* Rainfall brings relief to drought-drained river
* Barges take on heavier loads of fertilizer
* Army Corps completes first phase of rock removal
By Tom Polansek and P.J. Huffstutter
CHICAGO, Jan 14 Vessels on the Mississippi River
were gearing up on Monday for the shipping superhighway to fully
reopen within weeks after being crippled by a severe drought as
heavy rains at the weekend and an earlier-than-expected finish
to the rock removal improved prospects for shippers.
Low water on the nation's busiest river has impeded the flow
of billions of dollars worth of cargo like grains, crude oil and
coal over the past two months, with the government clearing
rocks to deepen a critical stretch between Illinois and
"We got an awesome rain over the weekend," said Matt
Zimmerman, vice president and general manager of Midwest Grain
and Barge, which is placing heavier loads of fertilizer on
vessels at the Gulf of Mexico to be delivered to farmers in the
Midwest farm belt.
"We got even more than we were expecting. It was such
widespread rain. It's a difference maker for sure," he said.
Water levels on the river near Cape Girardeau, Missouri,
where Midwest Grain and Barge is based, have increased since
Friday, raising hopes that the waterway will be able to support
heavier traffic into February.
If water levels decline again, companies that have gambled
by filling barges with heavier loads will have to park vessels
on the side of the river until rain comes again.
Barge traffic has been limited for months across a shallow
200-mile (321-km) stretch between St. Louis and Cairo, Illinois,
where the Army Corps of Engineers is removing rocks at Thebes,
Illinois, in its largest such undertaking in a quarter century.
The first phase of the project was completed earlier than
expected over the weekend, removing 365 cubic yards (280 cubic
meters) of limestone from the channel near Thebes and deepening
the navigable area by 2 feet (61 cm).
Work to remove additional rock at Thebes and another spot
near Grand Tower, Illinois, could be completed by the end of
January, at which point daily river closures that have snarled
traffic in the area will end.
"The success of the rock removal work, combined with recent
and forecast rain, increases out confidence we will sustain and
adequate channel through this spring," said Maj. Gen. John
Peabody, commander of the Army Corps' Mississippi Valley
And nature seems to be on the side of shippers.
The National Weather Service said that by Thursday the water
level of the Mississippi River at St Louis will be up nearly 2
feet from last Wednesday, bringing it to the highest level in
almost a month.
At Thebes, the water level has jumped almost 9 feet since
A weekend storm dumped 1 to 3 inches of rain along the river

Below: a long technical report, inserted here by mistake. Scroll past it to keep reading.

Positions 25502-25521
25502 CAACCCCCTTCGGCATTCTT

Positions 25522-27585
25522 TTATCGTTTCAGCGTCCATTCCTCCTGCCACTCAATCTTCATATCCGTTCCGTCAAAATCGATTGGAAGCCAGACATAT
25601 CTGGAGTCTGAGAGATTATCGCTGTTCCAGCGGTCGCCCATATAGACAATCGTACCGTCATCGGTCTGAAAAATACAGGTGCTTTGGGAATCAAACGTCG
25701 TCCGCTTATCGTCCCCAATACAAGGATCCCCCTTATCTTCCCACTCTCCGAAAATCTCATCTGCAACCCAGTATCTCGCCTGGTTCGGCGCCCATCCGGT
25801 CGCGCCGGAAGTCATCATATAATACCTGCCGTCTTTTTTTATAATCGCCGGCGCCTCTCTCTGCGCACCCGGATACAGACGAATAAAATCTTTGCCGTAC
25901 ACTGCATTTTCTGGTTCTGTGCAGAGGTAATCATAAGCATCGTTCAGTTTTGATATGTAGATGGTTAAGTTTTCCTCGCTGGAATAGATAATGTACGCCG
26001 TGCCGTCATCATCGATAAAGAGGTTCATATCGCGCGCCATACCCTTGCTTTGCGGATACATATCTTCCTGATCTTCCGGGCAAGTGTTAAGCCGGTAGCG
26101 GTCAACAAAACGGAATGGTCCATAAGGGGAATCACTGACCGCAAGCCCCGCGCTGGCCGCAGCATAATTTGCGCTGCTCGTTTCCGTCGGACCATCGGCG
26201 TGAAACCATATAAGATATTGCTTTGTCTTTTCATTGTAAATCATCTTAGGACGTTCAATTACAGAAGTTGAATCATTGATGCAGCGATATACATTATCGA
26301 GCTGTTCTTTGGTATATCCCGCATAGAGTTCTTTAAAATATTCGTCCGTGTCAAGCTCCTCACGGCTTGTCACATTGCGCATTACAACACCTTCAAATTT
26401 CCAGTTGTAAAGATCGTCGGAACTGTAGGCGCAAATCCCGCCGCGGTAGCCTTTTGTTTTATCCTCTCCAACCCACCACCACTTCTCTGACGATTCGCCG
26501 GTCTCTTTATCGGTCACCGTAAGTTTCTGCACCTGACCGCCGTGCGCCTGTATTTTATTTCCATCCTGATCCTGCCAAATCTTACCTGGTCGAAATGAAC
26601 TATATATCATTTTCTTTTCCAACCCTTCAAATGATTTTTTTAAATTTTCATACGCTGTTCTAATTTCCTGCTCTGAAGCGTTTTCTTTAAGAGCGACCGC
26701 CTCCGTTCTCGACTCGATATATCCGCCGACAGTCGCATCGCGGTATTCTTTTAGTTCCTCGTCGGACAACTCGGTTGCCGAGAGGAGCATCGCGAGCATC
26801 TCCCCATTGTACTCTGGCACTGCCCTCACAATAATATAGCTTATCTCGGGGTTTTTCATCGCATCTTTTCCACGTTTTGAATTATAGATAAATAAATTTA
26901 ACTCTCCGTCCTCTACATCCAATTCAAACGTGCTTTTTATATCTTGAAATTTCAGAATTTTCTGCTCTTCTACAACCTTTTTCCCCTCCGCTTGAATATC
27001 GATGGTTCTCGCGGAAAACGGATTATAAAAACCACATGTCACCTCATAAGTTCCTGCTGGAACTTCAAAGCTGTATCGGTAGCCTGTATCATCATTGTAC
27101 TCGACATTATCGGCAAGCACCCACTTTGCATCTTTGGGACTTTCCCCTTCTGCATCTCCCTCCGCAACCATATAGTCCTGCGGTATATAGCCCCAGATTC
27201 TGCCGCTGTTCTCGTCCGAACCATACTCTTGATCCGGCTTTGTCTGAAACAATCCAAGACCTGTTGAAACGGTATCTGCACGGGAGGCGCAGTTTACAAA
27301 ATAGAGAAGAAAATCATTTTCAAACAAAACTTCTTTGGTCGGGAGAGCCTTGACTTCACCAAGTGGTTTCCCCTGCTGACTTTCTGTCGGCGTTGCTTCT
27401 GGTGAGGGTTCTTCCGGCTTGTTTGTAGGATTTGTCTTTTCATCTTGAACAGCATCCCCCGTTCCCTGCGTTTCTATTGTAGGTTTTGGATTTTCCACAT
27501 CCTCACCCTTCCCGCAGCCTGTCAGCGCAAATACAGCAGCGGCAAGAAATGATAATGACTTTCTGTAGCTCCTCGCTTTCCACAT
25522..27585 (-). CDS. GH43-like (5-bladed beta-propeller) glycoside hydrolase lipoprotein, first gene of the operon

valley from St. Louis to Cairo, Illinois, said Drew Lerner,
president of World Weather Inc. That followed another storm late
last week which contributed 1 to 1-1/2 inches of rain and a
spell of unseasonably mild weather that melted snow and also
boosted the river, he said.
Expectations for the river conditions to improve have lead
barge company AEP River Operations to direct 200 empty barges to
move north of Cairo from lower positions on the river.
Clients want to load their barges with coal around the St.
Louis area, and ship it down the Mississippi River for export
from the Gulf of Mexico, said Martin Hettel, senior manager of
bulk sales for AEP.
Nearly 125 miles to the south, in Scott City, Missouri, corn
processor SEMO Milling has started spending more to buy grain
from local farmers in anticipation of river conditions
The company processes corn into grits, flour and other
products to sell to food companies like PepsiCo Inc's
Frito Lay and breweries, such as Anheuser Busch.
Before the forecasts for water levels on the river improved
this week, the mill figured it would be able to buy corn from
local farmers with little competition from grain elevators and
processors that ship grain on the river.
Now, that is not the case.
"Once we realized that, we felt we had to be a little bit
more aggressive," said Dan Fetherston, commercial manager of the
These have been tumultuous times for the nation's energy and
agricultural sectors and others, who rely on the Mississippi
River as a cheaper way to transport an estimated $7 billion in
goods in December and January.
Since late autumn, water levels in the shallow point of
Thebes, Illinois, were expected to plummet to the lowest in more
than a century.
That would have forced the river to effectively close to
commercial shipping traffic, potentially impacting more than
8,000 jobs and halting the movement of 7.2 million tons of
commodities worth $2.8 billion in January, according to lobbyist
groups such as The Waterways Council and American Waterways
Such transportation concerns prompted AGRIServices of
Brunswick in Missouri last month to try to rush barges south,
loaded with grain, out of the heartland and return with loads of
The company and others remain nervous the river may still
close to commerce if conditions worsen.
Slowed river traffic has turned a typical two-week barge
trip from New Orleans to St. Louis into a four- to eight-week
venture, said AGRIServices general manager Bill Jackson.
Each extra day on the river costs the company another $300
per barge - a fee that is steadily eroding the economic benefits
of moving commodities by water, rather than across land by rail,
Jackson said. Two of the company's three docking areas in St.
Louis are inaccessible due to low water. They still cannot get
Even with the recent rains, Jackson said, "I'm not feeling
Jackson has been meeting with railroad carriers in Memphis
to explore an alternative transportation method - just in case
the river does close.